A second first impression

image of beloved logo.

By Staff Blogger LaDonna Seely
Ever wish you had a second chance to make a first impression? One of our new partners is making that wish a reality for one of our ReEntry participants, Jeremy. I recently had the chance to visit with Karis Heffron, owner of Beloved Laser Tattoo Removal, at her St. Paul shop to talk about their generous gift of that second chance.

Beloved Laser Tattoo Removal is donating their services to remove several tattoos from Jeremy’s face and hands. Because they are the first thing people notice about Jeremy, the single father of a 3-year-old son, his chances at landing a job interview are even more difficult.

“People say awful things when I’m out with my kid,” Jeremy said. “I’m tired of going into grocery stores with my son and getting stared at. I’m a nice guy and hard working. People shouldn’t judge a book by its cover.”

Unfortunately, people do tend to make assumptions about a person’s appearance.

“I know that there are defiantly people like Jeremy who have stuff like tattoos hindering them from entering the job market or achieving what they want in society,” Karis said. “This is something he really wants to do because he knows it will help him get more job opportunities, and we are happy to help. I think it’s a really good thing to give back in this way and change someone’s life. Hopefully this will open up so many more doors for Jeremy and that’s awesome.”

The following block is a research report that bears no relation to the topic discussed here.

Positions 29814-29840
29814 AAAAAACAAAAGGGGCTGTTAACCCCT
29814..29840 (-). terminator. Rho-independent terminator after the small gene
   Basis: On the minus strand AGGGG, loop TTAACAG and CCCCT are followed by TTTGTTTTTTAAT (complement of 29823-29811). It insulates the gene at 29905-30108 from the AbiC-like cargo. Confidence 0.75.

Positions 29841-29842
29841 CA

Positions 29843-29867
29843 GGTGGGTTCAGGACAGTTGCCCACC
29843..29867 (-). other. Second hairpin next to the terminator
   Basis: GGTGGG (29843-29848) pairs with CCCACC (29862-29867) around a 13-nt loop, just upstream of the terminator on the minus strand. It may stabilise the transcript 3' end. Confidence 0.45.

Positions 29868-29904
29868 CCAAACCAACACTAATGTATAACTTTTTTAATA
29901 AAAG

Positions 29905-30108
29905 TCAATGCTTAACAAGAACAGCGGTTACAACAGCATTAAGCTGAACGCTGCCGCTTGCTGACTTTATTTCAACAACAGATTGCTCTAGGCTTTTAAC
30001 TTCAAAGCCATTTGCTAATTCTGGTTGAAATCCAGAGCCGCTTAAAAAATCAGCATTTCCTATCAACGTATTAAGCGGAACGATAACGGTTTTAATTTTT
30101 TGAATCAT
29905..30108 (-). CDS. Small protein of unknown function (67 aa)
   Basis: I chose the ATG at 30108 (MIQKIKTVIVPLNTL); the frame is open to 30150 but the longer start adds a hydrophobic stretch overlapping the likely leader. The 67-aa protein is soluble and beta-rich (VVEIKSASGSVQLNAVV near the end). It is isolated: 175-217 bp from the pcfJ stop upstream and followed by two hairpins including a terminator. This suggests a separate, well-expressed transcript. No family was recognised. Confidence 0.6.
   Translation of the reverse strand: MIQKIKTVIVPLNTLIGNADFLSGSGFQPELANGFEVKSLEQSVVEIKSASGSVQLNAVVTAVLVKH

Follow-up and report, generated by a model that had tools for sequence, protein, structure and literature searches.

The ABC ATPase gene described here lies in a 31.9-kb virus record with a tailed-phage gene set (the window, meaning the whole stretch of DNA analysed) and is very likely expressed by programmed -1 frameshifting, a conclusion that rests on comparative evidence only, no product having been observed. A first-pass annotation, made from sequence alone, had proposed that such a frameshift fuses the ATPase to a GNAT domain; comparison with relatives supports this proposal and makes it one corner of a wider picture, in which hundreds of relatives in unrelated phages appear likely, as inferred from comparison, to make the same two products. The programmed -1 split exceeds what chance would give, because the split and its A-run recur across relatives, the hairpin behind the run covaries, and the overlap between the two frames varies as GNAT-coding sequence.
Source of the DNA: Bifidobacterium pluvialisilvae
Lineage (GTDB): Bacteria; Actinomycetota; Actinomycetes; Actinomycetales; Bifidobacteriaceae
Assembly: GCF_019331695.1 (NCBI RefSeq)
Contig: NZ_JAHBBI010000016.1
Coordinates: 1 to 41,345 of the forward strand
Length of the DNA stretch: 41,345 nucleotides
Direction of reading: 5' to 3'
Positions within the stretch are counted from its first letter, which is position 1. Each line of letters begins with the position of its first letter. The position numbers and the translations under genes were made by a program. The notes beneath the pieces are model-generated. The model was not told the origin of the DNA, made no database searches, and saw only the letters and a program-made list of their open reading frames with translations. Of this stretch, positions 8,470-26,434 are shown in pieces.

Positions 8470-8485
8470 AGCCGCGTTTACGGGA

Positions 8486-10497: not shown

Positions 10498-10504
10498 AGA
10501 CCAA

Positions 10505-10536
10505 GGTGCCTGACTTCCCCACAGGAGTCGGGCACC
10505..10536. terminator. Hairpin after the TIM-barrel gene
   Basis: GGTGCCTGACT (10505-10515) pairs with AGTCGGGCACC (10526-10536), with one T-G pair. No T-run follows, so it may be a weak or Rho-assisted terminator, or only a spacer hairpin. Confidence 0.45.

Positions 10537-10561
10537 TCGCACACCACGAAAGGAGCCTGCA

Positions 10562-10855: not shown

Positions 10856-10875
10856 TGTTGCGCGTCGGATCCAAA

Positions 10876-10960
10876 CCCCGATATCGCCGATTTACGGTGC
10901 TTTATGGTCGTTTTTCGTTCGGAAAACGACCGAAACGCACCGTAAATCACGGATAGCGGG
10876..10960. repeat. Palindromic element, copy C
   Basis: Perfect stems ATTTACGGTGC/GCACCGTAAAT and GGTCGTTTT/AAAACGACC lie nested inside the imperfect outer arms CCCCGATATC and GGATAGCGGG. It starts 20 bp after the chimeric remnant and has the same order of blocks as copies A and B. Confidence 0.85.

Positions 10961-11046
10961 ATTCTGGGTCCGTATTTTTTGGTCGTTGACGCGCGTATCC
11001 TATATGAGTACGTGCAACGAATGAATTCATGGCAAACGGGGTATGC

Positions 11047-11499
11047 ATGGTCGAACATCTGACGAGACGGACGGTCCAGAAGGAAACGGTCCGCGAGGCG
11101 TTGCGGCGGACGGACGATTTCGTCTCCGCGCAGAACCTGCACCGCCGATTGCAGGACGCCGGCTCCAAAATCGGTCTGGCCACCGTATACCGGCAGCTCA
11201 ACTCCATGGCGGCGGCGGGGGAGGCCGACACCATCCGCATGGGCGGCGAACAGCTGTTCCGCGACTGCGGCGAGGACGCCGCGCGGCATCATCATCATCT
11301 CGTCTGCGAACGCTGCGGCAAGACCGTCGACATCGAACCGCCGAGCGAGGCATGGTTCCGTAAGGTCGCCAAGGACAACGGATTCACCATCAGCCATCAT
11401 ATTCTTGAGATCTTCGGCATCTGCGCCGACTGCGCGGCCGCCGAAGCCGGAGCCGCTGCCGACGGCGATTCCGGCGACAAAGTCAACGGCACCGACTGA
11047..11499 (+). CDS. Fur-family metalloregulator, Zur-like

The Licensed Esthetician, Certified Laser Technician (L.E., C.L.T.) at Beloved uses the crème de la crème of tattoo removal technology and techniques. However, the process is painstakingly slow for someone who needs a job right now. Jeremy could need up to 15 sessions – with at least four weeks between them to heal – to completely eradicate the unwanted ink. Each session lasts about 15 minutes, but each client is different depending on the size, color, ink and location of the tattoo, Karis said.

“It hurts worse than getting the tattoos, I’m surprised. I’m just hoping to get my foot in the door with a clean slate,” said Jeremy who is also working on completing his GED.

Jeremy’s story was chronicled in the StarTribune, Jan. 16, by columnist Gail Rosenblum, “Man hopes removing tattoos helps his job hunt.”